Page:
[Early Review] The Big Sick (2017)

Director: Michael Showalter

Cast: Kumail Nanjiani, Zoe Kazan, Holly Hunter, Ray Romano, Adeel Akhtar, Anupam Kher

Screenplay: Emily V. Gordon, Kumail Nanjiani

120 mins. Rated R for language including some sexual references.

 

The Big Sick opens in several markets tomorrow, and I was lucky enough to catch an early viewing of the film. What did I think? It just might be the best film of the year.

Kumail (Kumail Nanjiani, TV’s Silicon Valley, Fist Fight) is a struggling comic living in Chicago when he meets Emily (Zoe Kazan, Ruby Sparks, Our Brand is Crisis). The two build a romance, but Kumail’s Pakistani family are regularly setting Kumail up with other women in an attempt to force an arranged marriage. It forces Kumail and Emily into a breaking point, but when Emily ends up in the hospital sick with something the doctors cannot diagnose, Kumail takes up residence at her side while creating conflict with Emily’s parents, Beth (Holly Hunter, The Incredibles, Batman v Superman: Dawn of Justice) and Terry (Ray Romano, TV’s Everybody Loves Raymond, Ice Age: Collision Course).

The Big Sick is a touching, beautiful, and very funny look at the goings on of an American relationship, the central focus of the film being adapted from Emily V. Gordon and Kumail Nanjiani’s actual courtship. It holds actual emotional resonance and is capably handled by Michael Showalter (Hello, My Name is Doris, The Baxter).

I think the biggest win for The Big Sick, apart from its excellent screenplay, come from its performers. This is a standout performance for Nanjiani, but Hunter and Romano are excellent as the awkward and impersonal Beth and Terry. This should be a year of nominations for both.

The third act does run on a bit longer than it needs, but The Big Sick is an excellent character piece. I fell in love with these characters and I can’t wait to see this film over and over again, and I  think you’ll agree. This film has become my favorite film in 2017 (sorry Okja).

 

4.5/5

-Kyle A. Goethe

[Happy 5th Birthday!] Your Highness (2011)

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Director: David Gordon Green

Cast: Danny McBride, James Franco, Natalie Portman, Zooey Deschanel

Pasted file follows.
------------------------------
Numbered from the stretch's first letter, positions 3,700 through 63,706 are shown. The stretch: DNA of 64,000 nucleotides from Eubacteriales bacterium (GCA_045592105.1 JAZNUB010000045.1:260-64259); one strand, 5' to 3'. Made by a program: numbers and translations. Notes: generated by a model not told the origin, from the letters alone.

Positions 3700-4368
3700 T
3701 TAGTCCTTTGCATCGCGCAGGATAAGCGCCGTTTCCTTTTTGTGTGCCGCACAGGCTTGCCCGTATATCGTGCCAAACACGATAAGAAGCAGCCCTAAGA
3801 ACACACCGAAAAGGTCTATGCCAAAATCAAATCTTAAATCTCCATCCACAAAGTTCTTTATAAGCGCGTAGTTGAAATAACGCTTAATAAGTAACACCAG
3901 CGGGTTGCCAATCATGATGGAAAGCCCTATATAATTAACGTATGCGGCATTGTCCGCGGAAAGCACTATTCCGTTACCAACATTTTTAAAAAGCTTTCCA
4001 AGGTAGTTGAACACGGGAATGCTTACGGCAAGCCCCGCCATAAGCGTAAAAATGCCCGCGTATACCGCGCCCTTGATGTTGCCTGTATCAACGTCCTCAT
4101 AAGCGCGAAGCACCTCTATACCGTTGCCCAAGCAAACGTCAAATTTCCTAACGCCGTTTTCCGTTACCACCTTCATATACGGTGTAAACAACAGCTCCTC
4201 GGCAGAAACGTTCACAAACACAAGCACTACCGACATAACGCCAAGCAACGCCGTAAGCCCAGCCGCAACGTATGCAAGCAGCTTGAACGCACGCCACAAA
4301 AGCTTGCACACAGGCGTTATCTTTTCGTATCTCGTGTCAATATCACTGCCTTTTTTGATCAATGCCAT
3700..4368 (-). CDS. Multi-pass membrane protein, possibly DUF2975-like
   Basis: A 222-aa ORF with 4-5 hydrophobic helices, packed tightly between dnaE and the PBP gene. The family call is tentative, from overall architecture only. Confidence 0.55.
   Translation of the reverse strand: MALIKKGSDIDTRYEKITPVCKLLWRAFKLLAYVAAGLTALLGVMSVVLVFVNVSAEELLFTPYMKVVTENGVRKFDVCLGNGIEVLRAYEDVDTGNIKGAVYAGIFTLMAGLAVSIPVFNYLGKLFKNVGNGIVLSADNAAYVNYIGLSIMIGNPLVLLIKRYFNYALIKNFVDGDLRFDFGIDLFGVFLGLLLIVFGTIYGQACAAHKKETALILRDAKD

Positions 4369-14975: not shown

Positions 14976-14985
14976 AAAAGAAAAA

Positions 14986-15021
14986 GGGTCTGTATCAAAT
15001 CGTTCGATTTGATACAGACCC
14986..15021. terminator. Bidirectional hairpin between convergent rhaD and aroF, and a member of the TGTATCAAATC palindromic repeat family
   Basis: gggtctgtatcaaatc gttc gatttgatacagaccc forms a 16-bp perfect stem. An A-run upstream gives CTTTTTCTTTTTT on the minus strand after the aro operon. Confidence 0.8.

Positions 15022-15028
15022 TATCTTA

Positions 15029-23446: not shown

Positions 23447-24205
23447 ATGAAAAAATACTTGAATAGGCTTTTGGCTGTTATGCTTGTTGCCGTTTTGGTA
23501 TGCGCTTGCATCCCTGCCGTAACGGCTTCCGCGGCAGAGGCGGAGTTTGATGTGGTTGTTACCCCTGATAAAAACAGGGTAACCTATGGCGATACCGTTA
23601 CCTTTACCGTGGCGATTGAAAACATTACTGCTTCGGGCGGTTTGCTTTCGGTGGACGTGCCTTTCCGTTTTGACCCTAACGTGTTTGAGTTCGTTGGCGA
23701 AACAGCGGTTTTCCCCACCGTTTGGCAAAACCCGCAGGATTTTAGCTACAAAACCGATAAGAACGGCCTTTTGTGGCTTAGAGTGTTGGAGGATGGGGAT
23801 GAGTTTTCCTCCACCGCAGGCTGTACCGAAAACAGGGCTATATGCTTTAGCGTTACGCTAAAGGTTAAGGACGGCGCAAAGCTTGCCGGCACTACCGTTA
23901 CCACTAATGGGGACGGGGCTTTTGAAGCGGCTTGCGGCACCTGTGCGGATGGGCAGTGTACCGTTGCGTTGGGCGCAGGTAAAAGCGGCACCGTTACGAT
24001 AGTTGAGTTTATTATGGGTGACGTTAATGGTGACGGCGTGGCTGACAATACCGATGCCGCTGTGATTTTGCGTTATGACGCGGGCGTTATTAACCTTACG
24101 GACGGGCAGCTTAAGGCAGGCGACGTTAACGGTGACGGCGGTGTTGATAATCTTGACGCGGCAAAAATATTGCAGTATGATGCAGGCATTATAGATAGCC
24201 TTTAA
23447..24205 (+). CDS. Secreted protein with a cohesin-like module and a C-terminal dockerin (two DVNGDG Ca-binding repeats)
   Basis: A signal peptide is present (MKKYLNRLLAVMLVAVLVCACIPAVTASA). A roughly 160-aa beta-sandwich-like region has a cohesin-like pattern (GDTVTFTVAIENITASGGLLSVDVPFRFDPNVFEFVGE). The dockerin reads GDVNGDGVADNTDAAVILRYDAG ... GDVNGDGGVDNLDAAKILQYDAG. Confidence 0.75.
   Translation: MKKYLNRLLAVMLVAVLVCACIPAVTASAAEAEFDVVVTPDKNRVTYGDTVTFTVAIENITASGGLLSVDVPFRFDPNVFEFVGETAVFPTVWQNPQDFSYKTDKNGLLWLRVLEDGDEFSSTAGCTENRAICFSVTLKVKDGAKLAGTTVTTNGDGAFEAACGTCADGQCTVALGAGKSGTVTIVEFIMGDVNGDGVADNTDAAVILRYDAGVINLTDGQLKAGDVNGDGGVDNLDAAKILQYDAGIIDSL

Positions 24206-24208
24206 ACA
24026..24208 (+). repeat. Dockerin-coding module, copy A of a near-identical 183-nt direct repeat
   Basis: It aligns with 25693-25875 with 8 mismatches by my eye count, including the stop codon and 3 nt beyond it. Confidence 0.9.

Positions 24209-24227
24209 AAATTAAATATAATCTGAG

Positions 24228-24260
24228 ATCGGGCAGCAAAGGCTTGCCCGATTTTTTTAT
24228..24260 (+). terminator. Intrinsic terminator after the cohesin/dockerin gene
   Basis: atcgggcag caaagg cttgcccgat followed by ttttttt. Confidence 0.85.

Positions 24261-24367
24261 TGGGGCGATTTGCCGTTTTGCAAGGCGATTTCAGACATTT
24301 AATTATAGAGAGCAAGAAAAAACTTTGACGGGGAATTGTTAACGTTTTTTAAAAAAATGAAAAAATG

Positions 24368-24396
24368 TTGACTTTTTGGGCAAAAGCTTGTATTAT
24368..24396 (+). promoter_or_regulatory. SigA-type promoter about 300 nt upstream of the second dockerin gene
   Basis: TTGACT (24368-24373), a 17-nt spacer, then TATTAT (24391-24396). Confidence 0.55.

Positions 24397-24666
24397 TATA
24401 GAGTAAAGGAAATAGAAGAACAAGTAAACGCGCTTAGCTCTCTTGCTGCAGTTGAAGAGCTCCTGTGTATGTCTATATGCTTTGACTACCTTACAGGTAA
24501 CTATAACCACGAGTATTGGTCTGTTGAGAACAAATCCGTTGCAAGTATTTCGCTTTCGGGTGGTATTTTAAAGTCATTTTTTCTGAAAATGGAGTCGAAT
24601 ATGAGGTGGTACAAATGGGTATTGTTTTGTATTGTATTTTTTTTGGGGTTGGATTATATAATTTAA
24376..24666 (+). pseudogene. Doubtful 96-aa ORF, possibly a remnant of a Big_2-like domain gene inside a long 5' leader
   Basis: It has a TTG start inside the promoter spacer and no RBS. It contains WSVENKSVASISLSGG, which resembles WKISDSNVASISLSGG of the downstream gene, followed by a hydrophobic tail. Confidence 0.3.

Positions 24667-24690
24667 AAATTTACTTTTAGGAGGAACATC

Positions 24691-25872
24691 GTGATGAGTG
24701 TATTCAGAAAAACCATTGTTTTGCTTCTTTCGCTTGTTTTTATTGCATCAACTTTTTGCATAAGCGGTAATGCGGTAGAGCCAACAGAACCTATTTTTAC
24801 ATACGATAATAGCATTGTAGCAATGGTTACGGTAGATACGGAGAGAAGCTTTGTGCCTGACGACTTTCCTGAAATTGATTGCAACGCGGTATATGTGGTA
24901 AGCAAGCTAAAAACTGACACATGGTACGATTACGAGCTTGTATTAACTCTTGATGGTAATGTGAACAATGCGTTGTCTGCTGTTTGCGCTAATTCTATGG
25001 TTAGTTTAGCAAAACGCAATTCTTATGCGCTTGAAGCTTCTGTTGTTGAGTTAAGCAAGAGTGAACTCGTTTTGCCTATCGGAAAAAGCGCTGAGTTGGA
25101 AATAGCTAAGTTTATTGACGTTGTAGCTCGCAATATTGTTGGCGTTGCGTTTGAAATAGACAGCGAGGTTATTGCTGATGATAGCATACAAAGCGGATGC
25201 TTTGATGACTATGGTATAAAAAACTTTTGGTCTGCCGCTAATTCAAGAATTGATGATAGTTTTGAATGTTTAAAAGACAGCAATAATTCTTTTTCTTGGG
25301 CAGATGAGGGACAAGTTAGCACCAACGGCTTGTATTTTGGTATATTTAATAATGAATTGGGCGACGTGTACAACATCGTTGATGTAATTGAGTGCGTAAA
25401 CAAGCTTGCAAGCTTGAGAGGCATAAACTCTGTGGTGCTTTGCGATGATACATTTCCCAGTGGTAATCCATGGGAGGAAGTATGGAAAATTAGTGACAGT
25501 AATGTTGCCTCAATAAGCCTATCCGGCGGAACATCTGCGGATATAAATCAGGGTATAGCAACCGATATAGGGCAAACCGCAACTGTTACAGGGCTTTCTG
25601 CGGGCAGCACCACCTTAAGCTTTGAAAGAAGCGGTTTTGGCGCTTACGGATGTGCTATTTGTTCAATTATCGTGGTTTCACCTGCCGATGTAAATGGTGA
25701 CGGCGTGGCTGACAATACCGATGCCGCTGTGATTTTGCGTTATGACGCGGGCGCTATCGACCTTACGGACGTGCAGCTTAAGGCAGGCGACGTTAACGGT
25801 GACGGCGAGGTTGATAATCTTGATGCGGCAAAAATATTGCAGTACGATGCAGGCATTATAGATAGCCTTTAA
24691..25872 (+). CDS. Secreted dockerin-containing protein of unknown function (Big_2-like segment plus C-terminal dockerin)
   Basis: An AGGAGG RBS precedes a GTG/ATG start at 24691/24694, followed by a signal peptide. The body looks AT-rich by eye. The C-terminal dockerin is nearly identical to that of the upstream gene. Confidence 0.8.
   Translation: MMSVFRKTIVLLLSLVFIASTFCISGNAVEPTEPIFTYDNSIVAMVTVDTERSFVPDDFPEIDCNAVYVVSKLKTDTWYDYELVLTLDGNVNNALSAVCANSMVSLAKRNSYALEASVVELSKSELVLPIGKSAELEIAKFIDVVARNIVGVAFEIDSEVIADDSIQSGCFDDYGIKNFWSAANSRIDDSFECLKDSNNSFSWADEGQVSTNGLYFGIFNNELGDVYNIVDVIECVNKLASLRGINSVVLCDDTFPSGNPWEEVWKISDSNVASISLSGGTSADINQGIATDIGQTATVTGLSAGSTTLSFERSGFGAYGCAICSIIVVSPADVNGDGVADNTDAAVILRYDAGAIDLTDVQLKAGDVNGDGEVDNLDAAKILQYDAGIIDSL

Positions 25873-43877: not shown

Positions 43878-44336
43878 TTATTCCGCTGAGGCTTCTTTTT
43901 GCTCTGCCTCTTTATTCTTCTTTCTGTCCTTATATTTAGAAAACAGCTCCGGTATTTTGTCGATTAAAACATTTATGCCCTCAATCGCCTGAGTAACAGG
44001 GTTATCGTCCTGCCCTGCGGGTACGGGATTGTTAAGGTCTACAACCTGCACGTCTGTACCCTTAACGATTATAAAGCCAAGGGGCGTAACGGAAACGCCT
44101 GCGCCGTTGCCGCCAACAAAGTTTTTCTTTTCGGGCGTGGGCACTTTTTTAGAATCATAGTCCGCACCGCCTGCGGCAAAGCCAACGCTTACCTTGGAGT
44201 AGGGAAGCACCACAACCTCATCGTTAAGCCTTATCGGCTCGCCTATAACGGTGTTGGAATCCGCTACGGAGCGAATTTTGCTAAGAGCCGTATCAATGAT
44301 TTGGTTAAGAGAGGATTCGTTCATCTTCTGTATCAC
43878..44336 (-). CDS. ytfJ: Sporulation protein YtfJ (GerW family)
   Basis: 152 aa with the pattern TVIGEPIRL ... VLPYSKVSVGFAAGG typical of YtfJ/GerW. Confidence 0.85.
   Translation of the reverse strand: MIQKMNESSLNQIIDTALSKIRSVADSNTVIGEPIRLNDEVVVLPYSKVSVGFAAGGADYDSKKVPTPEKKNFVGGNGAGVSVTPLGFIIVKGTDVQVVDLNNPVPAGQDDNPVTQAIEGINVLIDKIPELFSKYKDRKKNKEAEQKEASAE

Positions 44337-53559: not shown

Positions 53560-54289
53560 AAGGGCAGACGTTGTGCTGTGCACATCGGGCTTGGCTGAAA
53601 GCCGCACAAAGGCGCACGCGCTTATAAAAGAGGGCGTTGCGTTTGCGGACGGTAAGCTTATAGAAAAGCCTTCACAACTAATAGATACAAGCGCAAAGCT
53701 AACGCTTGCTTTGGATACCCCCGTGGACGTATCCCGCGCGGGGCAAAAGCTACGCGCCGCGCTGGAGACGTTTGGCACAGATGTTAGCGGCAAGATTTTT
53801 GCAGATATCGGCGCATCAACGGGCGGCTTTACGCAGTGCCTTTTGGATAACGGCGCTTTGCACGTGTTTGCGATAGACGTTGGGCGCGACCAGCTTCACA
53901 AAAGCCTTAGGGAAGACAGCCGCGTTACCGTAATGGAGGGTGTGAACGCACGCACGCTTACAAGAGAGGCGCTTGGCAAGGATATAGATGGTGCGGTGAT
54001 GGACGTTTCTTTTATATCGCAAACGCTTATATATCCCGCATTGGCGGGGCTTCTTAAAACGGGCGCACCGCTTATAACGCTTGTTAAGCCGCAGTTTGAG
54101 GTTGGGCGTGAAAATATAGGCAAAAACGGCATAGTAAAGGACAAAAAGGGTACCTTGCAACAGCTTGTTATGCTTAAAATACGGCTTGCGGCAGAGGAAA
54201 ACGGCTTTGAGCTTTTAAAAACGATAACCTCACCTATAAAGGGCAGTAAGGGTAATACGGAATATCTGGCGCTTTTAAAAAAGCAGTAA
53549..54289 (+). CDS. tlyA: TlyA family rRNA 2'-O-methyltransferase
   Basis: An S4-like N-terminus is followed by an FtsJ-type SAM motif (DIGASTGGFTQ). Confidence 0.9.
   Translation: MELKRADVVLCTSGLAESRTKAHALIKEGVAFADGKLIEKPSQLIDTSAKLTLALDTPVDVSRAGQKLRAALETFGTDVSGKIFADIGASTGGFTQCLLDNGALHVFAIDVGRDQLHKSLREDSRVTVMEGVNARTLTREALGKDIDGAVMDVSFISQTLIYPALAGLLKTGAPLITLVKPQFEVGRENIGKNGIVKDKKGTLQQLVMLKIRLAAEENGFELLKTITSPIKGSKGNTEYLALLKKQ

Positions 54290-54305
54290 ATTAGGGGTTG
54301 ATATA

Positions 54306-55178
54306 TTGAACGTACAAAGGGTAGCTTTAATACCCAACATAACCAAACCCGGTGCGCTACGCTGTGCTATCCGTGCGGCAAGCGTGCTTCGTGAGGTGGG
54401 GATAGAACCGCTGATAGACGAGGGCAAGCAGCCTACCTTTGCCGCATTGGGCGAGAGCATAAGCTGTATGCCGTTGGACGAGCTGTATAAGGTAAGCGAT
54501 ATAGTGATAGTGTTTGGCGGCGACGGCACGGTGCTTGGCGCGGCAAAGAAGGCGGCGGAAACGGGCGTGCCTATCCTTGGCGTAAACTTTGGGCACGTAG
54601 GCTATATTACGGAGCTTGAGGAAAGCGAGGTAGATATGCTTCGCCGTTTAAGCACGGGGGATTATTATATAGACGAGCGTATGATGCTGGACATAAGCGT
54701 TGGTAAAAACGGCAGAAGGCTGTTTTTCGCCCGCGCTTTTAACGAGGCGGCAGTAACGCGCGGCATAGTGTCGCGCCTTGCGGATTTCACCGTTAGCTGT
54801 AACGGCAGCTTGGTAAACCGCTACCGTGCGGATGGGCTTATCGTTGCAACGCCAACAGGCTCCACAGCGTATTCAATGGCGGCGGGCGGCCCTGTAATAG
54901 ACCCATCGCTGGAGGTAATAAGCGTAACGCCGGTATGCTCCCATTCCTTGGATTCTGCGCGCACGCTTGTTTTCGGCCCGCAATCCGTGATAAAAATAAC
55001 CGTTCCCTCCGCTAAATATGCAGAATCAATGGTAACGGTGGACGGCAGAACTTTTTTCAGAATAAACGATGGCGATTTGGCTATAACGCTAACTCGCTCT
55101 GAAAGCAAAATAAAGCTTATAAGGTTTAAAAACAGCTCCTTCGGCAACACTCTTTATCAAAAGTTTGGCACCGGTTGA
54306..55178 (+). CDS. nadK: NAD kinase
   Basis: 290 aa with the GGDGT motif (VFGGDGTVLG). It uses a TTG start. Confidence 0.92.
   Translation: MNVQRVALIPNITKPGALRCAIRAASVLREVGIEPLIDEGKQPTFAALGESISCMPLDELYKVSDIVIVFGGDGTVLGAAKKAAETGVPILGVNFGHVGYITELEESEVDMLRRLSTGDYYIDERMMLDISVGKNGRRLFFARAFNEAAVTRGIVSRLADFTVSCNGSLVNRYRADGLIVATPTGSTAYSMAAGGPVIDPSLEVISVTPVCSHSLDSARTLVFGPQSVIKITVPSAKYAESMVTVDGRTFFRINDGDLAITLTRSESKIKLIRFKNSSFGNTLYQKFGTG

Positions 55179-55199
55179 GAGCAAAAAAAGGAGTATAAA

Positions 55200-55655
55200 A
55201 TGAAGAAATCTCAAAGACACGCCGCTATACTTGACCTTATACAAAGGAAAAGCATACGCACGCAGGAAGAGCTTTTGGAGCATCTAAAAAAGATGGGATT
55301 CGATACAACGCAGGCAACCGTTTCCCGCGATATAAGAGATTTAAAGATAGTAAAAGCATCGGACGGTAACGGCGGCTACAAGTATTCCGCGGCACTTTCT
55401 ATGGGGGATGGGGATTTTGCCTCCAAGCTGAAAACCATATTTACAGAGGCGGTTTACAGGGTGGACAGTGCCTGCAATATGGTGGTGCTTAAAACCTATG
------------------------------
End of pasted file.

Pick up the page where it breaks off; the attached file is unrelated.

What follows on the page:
Screenplay: Danny McBride, Ben Best

102 mins. Rated R for strong crude and sexual content, pervasive language, nudity, violence and some drug use.

 

Some movies are divisive, with praise and derision in equal measure. Your Highness isn’t even one of those. But I’m still going to watch it for you.

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Your Highness is the story of two brothers and a quest to end all others. One of them, Fabious (James Franco, TV’s 11.22.63, 127 Hours) is a rugged and valiant prince on his way to rescue his beloved Belladonna (Zooey Deschanel, TV’s New Girl, Elf) from a frightening and perverse warlock. The other brother is Thadeous (Danny McBride, This is the End, Sausage Party), a fat loathsome slob of a prince only interested in getting laid, a task not so easy for the failure of a son. The two set out to complete Thadeous’ first quest and gain his father’s respect. Along the way, they meet Isabel (Natalie Portman, V for Vendetta, Jane Got a Gun), who also has reasons to defeat the wicked warlock.

The premise is rather simple and rather stupid. According to director David Gordon Green (Pineapple Express, Our Brand is Crisis), the concept came from a game between him and McBride about coming up with hilarious titles and then making up a movie premise about them. Apparently, this was the best one. McBride then proceeded to write a draft, and then most of that was thrown out in favor of improv. How this movie even got made is a shock, and how it managed to bring on multiple Oscar nominees also confounds.

McBride cannot carry a movie, funny as he is. Franco (who did sword training and flew back and forth between set and his classes across the country) and Portman (who only signed on to get Black Swan financed) do capably enough to keep this flimsy story going.

All this is important as it creates a movie that doesn’t really want an audience. That being said…

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I laughed my ass off at a lot of this movie, and I have to applaud them for trying to craft a unique mixture of fantasy and raunchy comedy. Still not a great movie, but it isn’t the worst viewing experience I’ve ever had.

 

2.5/5

-Kyle A. Goethe

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